Meeting our claims obligation even during lockdown has raised consumer confidence on insurance – Tope Smart
After two years in the saddle of leadership of the Nigerian Insurers Association (NIA) as chairman, Tope Smart, the MD/CEO of NEM Insurance Plc is set to relinquish power. In this interview with Modestus Anaesoronye shares his experience during his two year tenure, achievements, challenges and future of insurance industry.
You came into the leadership of NIA when the industry was under trial in terms of response to payment of claims, how much were you able to address this situation during your tenure?
This issue has been largely addressed as I constituted a disciplinary committee and defaulting companies were invited to face the committee and errant members were given a deadline to pay their claims or face expulsion. With this, the responses of our members have improved significantly.
With Covid-19 disrupting global businesses, what can the insurance market in Nigeria do differently to improve lives of policy holders and deepen insurance penetration?
Despite the pandemic and the lockdown, our members have continued to meet their claim obligations even during the lockdown as our members worked throughout the period albeit remotely. Our policy holders were quite impressed with this, and this action has given them more confidence in the Insurance Industry.
With the recognition of the Industry by the Federal Government, following your contribution to the fight against covid-19, what should the Industry do to fully maximize these benefits?
The Industry will continue to partner with Governments at various levels in the task of nation building. We will ensure that the benefits of insurance are made available to all the policy holders so that we can continue to perform our role as the bedrock of the economy.
NAICOM said it will come up with fresh guidelines on recapitalization after Covid-19. However, some NIA members said they would have been better off with Tier Based. Is NIA likely going to request that the Tier Based Model be revisited in place of share capital increase, as a way of suggestion to NIACOM in the new guidelines?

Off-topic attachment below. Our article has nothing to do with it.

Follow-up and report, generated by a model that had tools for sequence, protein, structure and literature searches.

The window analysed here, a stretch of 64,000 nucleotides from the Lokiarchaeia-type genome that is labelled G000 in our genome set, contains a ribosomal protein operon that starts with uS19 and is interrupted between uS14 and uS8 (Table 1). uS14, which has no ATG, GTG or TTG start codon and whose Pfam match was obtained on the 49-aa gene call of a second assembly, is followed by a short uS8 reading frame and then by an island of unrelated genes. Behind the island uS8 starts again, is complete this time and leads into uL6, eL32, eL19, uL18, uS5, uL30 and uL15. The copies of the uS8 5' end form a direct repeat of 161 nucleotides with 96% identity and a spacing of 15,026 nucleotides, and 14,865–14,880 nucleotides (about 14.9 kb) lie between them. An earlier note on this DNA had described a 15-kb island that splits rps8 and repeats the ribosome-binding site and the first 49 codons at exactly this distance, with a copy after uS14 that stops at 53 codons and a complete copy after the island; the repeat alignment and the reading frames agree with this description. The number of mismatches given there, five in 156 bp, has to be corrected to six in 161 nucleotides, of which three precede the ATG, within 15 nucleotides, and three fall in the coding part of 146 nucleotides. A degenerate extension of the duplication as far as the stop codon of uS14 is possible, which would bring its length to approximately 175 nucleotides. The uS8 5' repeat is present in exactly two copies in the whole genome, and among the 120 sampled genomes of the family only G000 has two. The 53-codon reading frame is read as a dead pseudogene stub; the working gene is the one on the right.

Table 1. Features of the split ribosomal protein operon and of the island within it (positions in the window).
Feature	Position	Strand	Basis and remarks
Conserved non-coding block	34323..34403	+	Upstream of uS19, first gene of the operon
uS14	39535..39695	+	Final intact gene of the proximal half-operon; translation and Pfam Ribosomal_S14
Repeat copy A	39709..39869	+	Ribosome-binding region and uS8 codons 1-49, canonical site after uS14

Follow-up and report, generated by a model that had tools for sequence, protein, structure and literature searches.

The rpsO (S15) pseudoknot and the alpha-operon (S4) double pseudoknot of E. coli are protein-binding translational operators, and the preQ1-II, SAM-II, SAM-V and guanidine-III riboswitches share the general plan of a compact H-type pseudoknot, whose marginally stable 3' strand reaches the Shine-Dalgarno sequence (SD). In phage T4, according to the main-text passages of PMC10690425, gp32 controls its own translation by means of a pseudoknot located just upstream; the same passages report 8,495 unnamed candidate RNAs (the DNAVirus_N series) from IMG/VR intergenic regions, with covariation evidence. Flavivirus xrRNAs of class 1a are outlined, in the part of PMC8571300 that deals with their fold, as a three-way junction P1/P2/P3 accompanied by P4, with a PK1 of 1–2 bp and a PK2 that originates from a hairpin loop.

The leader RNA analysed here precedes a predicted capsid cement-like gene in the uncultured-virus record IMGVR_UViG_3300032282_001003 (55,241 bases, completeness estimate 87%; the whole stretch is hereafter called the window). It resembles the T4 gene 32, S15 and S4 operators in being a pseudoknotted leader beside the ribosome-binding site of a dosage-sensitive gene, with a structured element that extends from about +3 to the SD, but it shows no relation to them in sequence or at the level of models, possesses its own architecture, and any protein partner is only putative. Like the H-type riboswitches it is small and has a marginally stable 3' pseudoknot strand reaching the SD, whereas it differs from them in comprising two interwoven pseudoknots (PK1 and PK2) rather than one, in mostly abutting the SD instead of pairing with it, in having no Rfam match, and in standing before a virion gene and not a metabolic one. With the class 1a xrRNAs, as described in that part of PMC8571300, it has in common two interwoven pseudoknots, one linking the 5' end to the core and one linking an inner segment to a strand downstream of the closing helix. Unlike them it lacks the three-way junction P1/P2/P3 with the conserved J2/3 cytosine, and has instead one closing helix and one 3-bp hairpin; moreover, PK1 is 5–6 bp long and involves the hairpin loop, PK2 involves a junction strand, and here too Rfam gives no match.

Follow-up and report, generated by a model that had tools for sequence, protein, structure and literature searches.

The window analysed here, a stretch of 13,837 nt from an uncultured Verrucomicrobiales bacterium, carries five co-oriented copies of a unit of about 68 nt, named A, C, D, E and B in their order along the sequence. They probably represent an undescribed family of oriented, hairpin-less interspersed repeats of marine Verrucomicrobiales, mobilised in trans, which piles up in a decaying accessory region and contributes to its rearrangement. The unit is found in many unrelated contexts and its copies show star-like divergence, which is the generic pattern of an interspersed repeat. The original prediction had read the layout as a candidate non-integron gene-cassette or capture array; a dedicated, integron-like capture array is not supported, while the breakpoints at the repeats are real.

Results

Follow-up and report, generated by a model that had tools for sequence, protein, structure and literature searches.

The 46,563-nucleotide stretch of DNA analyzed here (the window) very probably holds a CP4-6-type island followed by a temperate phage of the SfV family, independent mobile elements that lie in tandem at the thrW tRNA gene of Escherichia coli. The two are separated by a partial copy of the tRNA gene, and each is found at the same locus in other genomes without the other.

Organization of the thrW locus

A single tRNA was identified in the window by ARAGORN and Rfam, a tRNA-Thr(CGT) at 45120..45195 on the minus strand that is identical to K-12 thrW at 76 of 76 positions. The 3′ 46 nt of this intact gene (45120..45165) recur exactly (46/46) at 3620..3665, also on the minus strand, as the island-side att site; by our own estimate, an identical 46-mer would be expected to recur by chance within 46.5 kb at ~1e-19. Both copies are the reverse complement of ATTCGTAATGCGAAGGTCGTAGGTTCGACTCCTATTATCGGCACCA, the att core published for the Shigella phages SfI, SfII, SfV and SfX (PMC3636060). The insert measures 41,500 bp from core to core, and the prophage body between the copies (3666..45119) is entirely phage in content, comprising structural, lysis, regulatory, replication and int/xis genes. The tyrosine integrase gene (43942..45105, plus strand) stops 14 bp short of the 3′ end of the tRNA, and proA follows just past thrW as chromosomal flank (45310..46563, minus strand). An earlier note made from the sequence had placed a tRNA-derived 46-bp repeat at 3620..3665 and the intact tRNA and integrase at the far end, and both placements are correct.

The Tier based capital introduced by NAICOM was no doubt a very good model but it failed because of the way the model was implemented. Frankly speaking, I see it as a very good model that will enable operators play according to their different capacities. Also, the model is aspirational in nature. The fact that you are a tier 2 company today does not preclude you from aspiring to be a Tier 1 company which can be achieved if you bring in additional capital. Unfortunately, we can’t go back to it as NAICOM has moved from there to Minimum Paid Up Capital.
Customers are still complaining of poor service delivery. From the NIA view point, what should companies do?
Technology is one of the ways to improve service delivery. At our recent retreat, we advised our members to upscale their technology in order to improve service delivery.
What are the major achievements the Industry recorded in the last two years, while you were the chairman?
With all sense of modesty, the insurance industry has achieved a lot in the last two years. I will attempt to highlight a few of them. For me, the greatest achievement is the recognition of the insurance sector by no less a person than the President and Commander in Chief of the Armed Forces of Nigeria, President Muhammadu Buhari. This is the first time in the history of the Insurance Industry in Nigeria that our sector will get the attention and commendation of the No. 1 citizen of Nigeria. This is a big deal and we are building on this so that insurance industry can take its’ proper place in the configuration of the country. This is not a mean feat when you look at how the sector has been bastardized in the past. With this by the grace of God, I have achieved the “Insurance first” slogan of my agenda. Apart from this, other achievements are as follows: Our intervention with respect to COVID-19 came in two parts: We arranged a Life Insurance Cover for up to 5,000 health and frontline workers all over the Federation; We collaborated with other stake holders in the Industry and donated the sum of N500 million to the Federal Government to further contain the spread of Corona Virus.
As mentioned earlier, we worked tirelessly, towards the construction of NIA building and it has reached an advanced stage.; On recapitalization, we are in full support of the exercise and we embarked on various engagements with critical stakeholders such as NAICOM and Nigerian Stock Exchange (NSE). We used the opportunity of our engagement with NSE to solicit the support of Capital Market Operators for our members; Unfavourable Insurance Law: We pursued with renewed vigor, the tax law which was unfavourable to the Insurance Industry. We escalated the issue up to the National Assembly and thank God, the tax law has finally been amended through the year 2020 Finance Bill.